Tuesday, September 29, 2015

Compression and Android Gmail

Every registered Android mobile device has an associated Google account. Google accounts usually mean Gmail. And, for investigators interested in the Gmail content stored on Androids, that content can be found in the /data/com.google.android.gm/databases directory in a database named in the following format:


The database contains 23 tables (at least at the time of this writing), the most interesting of which is messages.

The messages table has 41 fields (or columns). To obtain the basic email content (say, for keyword searching), an investigator would likely want to export the sender’s and receiver’s addresses, the date sent or received, and the subject line, and the message body, at the very least. There is plenty more to be gleaned from the database, but your investigation will dictate the investigative needs.

Automated tools do not provide the full weath of data to be found in the mailstore database. It is always a good idea to become familiar with the database schema to learn the full potential for your investigation.

The Big Squeeze

If you have experience searching SQLite databases, you might be thinking, "Why go to the trouble of exporting messages from the database? SQLite strings are usually UTF-8, so I can just search the database with regular expressions or plain keywords." Well, there is a catch when it comes to email content in the Gmail mailstore database: zlib compression.

Short length message bodies are written to the body field in the messages table as a plain text string. In a recent exam, the longest message I found in this field in a recent exam was 98 bytes, however. Longer message bodies are compressed using the zlib algorythm and stored in the bodyCompressed field. While SQLite supports compressed databases, it has no function to decompress fields within databases. Instead, it stores such data as a blob type, and it is up to the database user to decompress the data.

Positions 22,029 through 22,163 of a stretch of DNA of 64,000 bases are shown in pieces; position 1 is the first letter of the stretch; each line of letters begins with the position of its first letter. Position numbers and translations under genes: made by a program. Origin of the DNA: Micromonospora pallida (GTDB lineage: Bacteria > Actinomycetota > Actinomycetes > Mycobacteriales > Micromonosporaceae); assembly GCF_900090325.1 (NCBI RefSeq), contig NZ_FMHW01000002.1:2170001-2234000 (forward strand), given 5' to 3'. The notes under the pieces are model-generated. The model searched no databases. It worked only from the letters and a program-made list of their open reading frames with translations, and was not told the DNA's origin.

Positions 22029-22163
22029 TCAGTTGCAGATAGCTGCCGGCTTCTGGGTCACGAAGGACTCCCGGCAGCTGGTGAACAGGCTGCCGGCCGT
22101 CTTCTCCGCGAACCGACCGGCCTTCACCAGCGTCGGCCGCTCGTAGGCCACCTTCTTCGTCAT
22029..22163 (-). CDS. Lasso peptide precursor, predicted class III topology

The SQLite blob type is sort of a catch-all for any type or data. Data is stored in the format in which it was input.

Extracting Messages

Python is a good option for exporting messages from the Gmail messagestore database. It can both open and query databases, and it can decompress the long message bodies.

Exporting Gmail Messages
import sqlite3
import zlib

# open and query the database
conn = sqlite3.connect('messagestore.db') # database name abbreviated
c = conn.cursor
c.execute("select _id, fromAddress, datetime(dateSentMS/1000,
    'unixepoch', 'localtime'), datetime(dateReceivedMS/1000,
    'unixepoch', 'localtime'), case when body not Null then body
    else bodycompressed end from messages ")
rows = c.fetchall()

# interate through the rows and decompress the long messages
for row in rows:
    id, _from, sent, recv, body = row
        body = zlib.decompress(body)
    print('{}|{}|{}|{}|{}'.format(id, _from, sent, recv, body))
The final line can be adapted to your own needs, i.e., writing the content to a new file or database, or use python regular expressions to search the content, etc.

Some Explaination

The example above is just that: an example. It is intended, like all my posts, to remind me how to process the data and demonstrate how just a few lines of python can be leveraged to extract data. The script could have been shorter, but it would have come at the cost of clarity. That said, there is still some explanation to be had:

The SQLite query in the c.execute method might need some dissecting for you to understand what I did.

    datetime(dateSentMS/1000, 'unixepoch',   'localtime'),
    datetime(dateReceivedMS/1000, 'unixepoch', 'localtime'),
        when body not Null
        then body
        else bodyCompressed
from messages

The dateSentMS and dateReceivedMS fields are recorded in milliseconds since 1/1/1970 (Unix epoch). I let SQLite do the date converstion for me, rather and doing it python, and I converted from Unix epoch to local time. The case statement pulls a little trickery to select the body field or bodyCompressed field. Basically, the row’s body field is checked to see if it is populated. If so, it is returned. If not, the contents of the bodyCompressed field are returned.